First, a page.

(Posted December 1999)
The heart of American democracy - and of any democracy - is meaningful, active participation by its people in government decisions that touch their lives.
The soul of such a system is the ability of ordinary citizens to hold government officials accountable for their actions. Known as "transparency," this essential democratic process takes many forms, but all allow concerned citizens to see openly into the activities of their government, rather than permitting these processes to be cloaked in secrecy.
The principles underlying transparency in government activity are embodied in the fundamental tenets that have guided the United States since its founding, including the Declaration of Independence and the Constitution. And, over time, a body of law, regulation, and practice has grown up that makes it easy for ordinary citizens to have access to some important meetings of government officials, to request and receive government documents, and to have input into government decisions and rule-making. To various degrees, the principles of transparency have taken root at the local, state, and federal level.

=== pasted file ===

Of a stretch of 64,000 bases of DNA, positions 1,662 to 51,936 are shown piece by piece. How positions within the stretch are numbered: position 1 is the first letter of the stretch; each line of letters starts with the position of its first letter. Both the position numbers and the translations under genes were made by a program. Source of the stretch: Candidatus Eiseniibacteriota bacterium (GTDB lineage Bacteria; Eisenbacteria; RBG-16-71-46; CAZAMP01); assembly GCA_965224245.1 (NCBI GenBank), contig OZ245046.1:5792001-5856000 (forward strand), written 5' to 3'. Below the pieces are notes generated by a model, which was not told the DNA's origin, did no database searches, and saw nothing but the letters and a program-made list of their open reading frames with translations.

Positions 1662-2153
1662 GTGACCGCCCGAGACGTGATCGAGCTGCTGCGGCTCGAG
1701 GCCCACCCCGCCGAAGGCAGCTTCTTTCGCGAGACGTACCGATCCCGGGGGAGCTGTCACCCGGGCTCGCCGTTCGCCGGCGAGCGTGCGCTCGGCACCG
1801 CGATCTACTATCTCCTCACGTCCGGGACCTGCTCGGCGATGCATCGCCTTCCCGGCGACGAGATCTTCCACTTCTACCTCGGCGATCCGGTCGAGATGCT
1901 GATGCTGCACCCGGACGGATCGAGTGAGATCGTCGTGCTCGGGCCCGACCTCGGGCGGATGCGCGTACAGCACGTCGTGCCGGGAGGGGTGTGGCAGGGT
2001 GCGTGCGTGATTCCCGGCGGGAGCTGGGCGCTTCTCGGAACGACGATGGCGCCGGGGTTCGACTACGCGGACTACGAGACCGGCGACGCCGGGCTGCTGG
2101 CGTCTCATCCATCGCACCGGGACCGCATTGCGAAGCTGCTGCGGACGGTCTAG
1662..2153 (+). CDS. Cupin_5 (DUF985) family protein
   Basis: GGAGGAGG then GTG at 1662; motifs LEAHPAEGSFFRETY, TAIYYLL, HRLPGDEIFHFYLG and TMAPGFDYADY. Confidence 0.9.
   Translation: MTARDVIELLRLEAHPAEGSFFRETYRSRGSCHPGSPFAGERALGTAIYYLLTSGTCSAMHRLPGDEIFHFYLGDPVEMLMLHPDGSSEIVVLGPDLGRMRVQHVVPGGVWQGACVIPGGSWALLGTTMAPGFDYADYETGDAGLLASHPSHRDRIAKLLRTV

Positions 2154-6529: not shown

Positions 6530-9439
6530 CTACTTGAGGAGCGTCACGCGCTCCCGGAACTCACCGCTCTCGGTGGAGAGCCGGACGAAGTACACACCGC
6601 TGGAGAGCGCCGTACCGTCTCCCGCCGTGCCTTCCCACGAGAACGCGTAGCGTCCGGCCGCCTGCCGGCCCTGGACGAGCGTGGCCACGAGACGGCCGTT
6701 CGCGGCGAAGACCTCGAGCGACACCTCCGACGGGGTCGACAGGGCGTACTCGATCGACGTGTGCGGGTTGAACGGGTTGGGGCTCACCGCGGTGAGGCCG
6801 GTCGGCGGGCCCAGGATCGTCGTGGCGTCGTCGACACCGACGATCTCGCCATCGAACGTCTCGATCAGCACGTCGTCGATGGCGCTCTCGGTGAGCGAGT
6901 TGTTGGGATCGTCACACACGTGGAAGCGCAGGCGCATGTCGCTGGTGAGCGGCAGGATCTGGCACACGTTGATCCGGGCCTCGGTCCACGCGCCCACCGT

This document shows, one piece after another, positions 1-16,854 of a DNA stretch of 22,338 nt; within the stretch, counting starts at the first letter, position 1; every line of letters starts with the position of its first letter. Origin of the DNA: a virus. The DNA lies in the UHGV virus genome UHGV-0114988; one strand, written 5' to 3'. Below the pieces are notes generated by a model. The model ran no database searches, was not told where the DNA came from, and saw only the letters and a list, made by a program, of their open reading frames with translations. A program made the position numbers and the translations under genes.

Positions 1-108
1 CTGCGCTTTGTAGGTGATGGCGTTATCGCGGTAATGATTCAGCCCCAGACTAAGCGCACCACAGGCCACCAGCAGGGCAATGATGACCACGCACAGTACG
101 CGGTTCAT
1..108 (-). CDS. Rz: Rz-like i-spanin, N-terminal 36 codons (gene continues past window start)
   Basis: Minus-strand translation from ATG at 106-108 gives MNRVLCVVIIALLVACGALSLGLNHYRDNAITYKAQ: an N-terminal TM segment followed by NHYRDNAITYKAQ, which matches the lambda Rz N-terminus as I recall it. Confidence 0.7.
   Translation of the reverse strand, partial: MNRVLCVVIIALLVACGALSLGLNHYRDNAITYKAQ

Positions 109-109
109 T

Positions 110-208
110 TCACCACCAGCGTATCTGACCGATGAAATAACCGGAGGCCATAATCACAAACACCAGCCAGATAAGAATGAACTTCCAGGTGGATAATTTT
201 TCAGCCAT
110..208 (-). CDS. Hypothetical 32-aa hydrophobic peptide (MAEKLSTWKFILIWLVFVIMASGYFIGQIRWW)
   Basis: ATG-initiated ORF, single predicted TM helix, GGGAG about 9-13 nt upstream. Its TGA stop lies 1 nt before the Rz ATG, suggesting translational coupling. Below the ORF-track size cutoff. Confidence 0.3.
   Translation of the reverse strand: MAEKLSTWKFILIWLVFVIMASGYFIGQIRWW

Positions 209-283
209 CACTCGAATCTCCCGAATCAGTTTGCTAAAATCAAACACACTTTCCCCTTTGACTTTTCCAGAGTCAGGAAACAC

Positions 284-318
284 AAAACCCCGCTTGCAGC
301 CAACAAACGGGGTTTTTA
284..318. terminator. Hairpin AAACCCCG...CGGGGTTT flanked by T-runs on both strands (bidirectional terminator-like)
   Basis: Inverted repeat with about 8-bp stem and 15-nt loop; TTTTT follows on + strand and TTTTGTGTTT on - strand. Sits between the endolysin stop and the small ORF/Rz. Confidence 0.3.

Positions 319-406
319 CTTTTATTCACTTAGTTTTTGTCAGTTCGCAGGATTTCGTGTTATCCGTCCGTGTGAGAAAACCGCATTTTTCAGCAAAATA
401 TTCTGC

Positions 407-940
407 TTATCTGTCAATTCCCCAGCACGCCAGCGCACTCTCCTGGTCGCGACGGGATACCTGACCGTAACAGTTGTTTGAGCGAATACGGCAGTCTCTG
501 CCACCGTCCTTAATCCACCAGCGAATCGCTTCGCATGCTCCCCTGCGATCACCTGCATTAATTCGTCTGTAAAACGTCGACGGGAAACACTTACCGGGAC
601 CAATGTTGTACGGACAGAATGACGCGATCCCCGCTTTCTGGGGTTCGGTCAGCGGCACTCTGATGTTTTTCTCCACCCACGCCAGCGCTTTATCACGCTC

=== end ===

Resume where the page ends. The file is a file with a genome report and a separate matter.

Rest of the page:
In the United States, transparency in judicial proceedings, much of which evolved from English common law, has generally provided the right to a public trial. Likewise, the U.S. Congress has over the course of its history opened itself both to influence from many groups of citizens and organizations, and to comment from knowledgeable experts, officials, and citizens during "hearings" on proposed legislation or on important issues.
In addition, transparency can be found at work in the various federal government."executive branch" agencies that report to the president of the United States. From food, to automobiles, to the environment, everyday lives of citizens are touched in many ways by decisions issued by these agencies. And, increasingly, there are numerous ways for individuals to have an impact on policy-making procedures of the executive branch. Some groups attempt to influence all three branches of the federal government - the judicial, legislative, and executive, simultaneously.
In general, U.S. citizens are free to participate in the political process as much or as little as they wish. Some people become deeply immersed in causes they believe in, either as individuals or, frequently, through groups formed to advocate one or more causes. Others rarely get involved or voice their concerns only when they have individual concerns.
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